However, perhaps the most important connection of all is an universal tripod thread (1/4-inch) on the Fusion’s undercarriage. It can be used to put the Fusion on any tripod, and any other GoPro mount, though in the box is the Fusion Grip Mount, a 23cm-long baton that unfurls into a 53cm lengthy tripod with short feet. It’s a bit tricky to attach the Fusion to it, largely because its undercarriage interferes with the screw. In use, it just about fulfils its brief by placing the Fusion well above the ground to produce a 360° video with plenty of balance, though it’s no good on the rough ground, and we didn’t feel confident using it in strong winds. Also included is a semi-hard package that can be wrapped around the Fusion even when it’s attached to that Fusion Hold Mount.

When it comes to operating the Fusion, it’s all about simplicity; there are only two buttons, the power button, and the shutter switch. There’s furthermore a tiny LCD screen, whose menus can be scrolled through using those two control keys.

GoPro Fusion – 360: Performance

“GoPro, take a photo”. The Fusion likes to be spoken to, and though voice control is somewhat limited, it worked well during our test. So did the camera itself, with two major bones of contention; the app and the GoPro Fusion Studio software.

However, you can just use the in-camera controls while out and about, and it’s consistently possible to produce some excellent footage with the Fusion. The resolution is not particularly exciting; 5.2K proves just enough, and there’s definitely room for more pixels. What we did like was the image stabilisation, which works really, really well. Ditto selfies, from which it’s very easy to edit-out the selfie stick.

The over-capture mode is easy to use, at least at first. Fusion Studio allows you to import a 360° video file (saved by the Fusion as an MP4 document) and then dynamically change the perspective of the video. The software makes it easy to re-frame and to crop, but on the app, it’s all a bit tricky, as well as basic. However, there is one drawback with over-capture mode, at least for now: resolution, or rather, lack of. Filming in 5.2K resolution may seem like an advanced feature, but crop down to a 16:9 image and all you are left with is a Full HD resolution movie that looks pretty basic. Too many pixels get lost in the process, which is why over-capture probably isn’t going to be a really big reason to buy the Fusion until 8K, or even higher resolutions, come along. For now, Fusion’s over-capture videos are clean and colourful, and feature some great picture stabilisation. JPEGS can be either snapped purposefully or grabbed from videos, and take advantage of 360° features such as ‘little planet’ setting and the drone-like ‘angel view’.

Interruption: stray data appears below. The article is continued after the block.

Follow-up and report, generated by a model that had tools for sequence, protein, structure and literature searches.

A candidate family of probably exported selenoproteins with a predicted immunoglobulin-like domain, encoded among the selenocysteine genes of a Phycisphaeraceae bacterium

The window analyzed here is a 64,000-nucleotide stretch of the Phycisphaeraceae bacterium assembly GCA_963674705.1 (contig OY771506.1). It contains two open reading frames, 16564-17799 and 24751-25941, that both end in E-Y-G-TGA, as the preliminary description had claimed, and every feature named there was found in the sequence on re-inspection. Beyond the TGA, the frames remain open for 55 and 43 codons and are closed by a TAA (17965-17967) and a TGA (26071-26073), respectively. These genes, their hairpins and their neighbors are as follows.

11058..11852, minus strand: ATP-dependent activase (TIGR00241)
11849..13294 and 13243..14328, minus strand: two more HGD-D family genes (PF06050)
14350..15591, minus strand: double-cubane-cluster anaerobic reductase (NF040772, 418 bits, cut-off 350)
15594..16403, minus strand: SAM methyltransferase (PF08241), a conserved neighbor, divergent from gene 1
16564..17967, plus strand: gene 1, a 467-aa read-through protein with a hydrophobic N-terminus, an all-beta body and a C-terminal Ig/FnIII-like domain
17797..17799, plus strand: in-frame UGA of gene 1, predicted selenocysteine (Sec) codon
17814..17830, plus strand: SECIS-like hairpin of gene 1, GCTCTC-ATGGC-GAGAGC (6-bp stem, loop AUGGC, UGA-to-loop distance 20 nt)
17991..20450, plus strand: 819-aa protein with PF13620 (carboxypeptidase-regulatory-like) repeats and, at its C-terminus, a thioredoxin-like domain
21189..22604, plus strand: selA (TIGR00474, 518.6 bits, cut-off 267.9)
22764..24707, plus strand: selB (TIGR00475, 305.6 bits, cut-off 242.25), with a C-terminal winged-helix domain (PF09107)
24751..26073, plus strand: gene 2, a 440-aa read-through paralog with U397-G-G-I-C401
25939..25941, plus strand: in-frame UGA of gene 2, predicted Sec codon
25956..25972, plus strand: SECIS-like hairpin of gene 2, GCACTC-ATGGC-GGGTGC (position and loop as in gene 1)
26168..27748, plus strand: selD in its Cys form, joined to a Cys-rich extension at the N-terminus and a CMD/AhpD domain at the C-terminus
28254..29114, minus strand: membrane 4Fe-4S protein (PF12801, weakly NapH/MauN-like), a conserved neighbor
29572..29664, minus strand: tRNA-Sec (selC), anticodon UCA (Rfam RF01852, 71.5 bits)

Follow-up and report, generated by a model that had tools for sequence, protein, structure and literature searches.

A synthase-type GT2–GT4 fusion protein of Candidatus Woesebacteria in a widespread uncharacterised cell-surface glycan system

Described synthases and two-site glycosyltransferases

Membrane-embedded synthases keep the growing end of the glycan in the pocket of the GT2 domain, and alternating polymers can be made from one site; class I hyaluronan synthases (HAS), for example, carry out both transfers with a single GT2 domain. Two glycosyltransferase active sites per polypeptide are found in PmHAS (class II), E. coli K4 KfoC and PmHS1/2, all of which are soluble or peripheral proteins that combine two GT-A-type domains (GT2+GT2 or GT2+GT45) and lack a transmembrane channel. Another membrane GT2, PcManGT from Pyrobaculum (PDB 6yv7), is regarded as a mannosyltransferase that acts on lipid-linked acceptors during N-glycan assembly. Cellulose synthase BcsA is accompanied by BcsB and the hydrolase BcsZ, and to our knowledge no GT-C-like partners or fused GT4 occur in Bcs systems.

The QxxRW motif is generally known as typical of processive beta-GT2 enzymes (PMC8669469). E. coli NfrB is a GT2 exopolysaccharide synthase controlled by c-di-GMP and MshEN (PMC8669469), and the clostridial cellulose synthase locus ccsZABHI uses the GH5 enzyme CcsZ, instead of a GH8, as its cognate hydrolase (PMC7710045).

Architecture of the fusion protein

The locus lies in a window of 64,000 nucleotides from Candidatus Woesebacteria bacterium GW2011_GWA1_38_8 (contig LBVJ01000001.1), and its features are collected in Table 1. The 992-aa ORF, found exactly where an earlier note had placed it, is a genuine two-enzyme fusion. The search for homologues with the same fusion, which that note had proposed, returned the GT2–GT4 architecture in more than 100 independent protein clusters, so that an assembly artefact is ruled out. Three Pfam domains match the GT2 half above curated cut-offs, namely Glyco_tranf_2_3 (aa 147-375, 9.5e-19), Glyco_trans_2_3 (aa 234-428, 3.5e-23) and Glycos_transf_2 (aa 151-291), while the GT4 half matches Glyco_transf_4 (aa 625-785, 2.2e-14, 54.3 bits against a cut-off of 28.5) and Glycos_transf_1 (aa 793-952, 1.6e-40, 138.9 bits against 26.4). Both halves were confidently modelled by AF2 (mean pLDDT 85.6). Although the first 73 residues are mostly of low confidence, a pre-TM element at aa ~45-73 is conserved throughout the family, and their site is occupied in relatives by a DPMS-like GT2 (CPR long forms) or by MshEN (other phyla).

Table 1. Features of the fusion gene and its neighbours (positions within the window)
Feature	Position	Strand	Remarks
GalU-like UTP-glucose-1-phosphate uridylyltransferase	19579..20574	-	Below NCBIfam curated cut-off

However, the specs did lead us down a few blind alleys; ISO6400 makes the Fusion seem ripe for trying an all-sky video at night to track the movements of stars in the night sky. We do try that, but the results were not good.

The Fusion is short and sweet, lasting only 70 minutes in our test. However, that’s more than most 360° cameras we’ve tested.

GoPro Fusion – 360: Key features

  • 360 video: 5.2K/30p, 3K/60p
  • 360 photo: 18MP 5K 360 photos (5760 x 2880)
  • OverCapture for creating HD videos
  • Image stabilization
  • Spatial audio (4 microphones)
  • Waterproof (5m/16ft.)
  • GPS
  • Wi-Fi + Bluetooth
  • Smartphone app + desktop software
  • Includes two 32GB SD cards (75 minutes record time)
  • Removable battery (75-80 minutes record time)

GoPro Fusion – 360: Conclusions

Fusion is not about 360. With its over-capture allowing post-editing of sequences in widescreen video, Fusion is about one simple and critical aspect of filmmaking; not missing a thing. Selfies can be framed without the selfie stick showing, and there are some 360-style photo options, too. However, the Fusion is let down by both its app and its Fusion Studio software. The former is hampered by frequent connection issues and fiddly modifying options, and though its ability to render full resolution clips will be laudable, it can take up to an hour to download a few minutes of video. Ditto Fusion Studio, which is very heavy on processing power and just takes so, so long.

So while the device itself is tough and works fast, actually producing usable footage from Fusion is a pain. Add to that its slight lack of resolution compared to the Yi 360 VR and new Insta360 One X – and its own insufficient 100fps mode for slo-mo – and the Fusion seems like an option only for professional content creators with time (and processing energy) on their hands. Nevertheless, it does have a leg-up on its competitors in that it’s waterproof, and more toughly made. For some, that will be enough.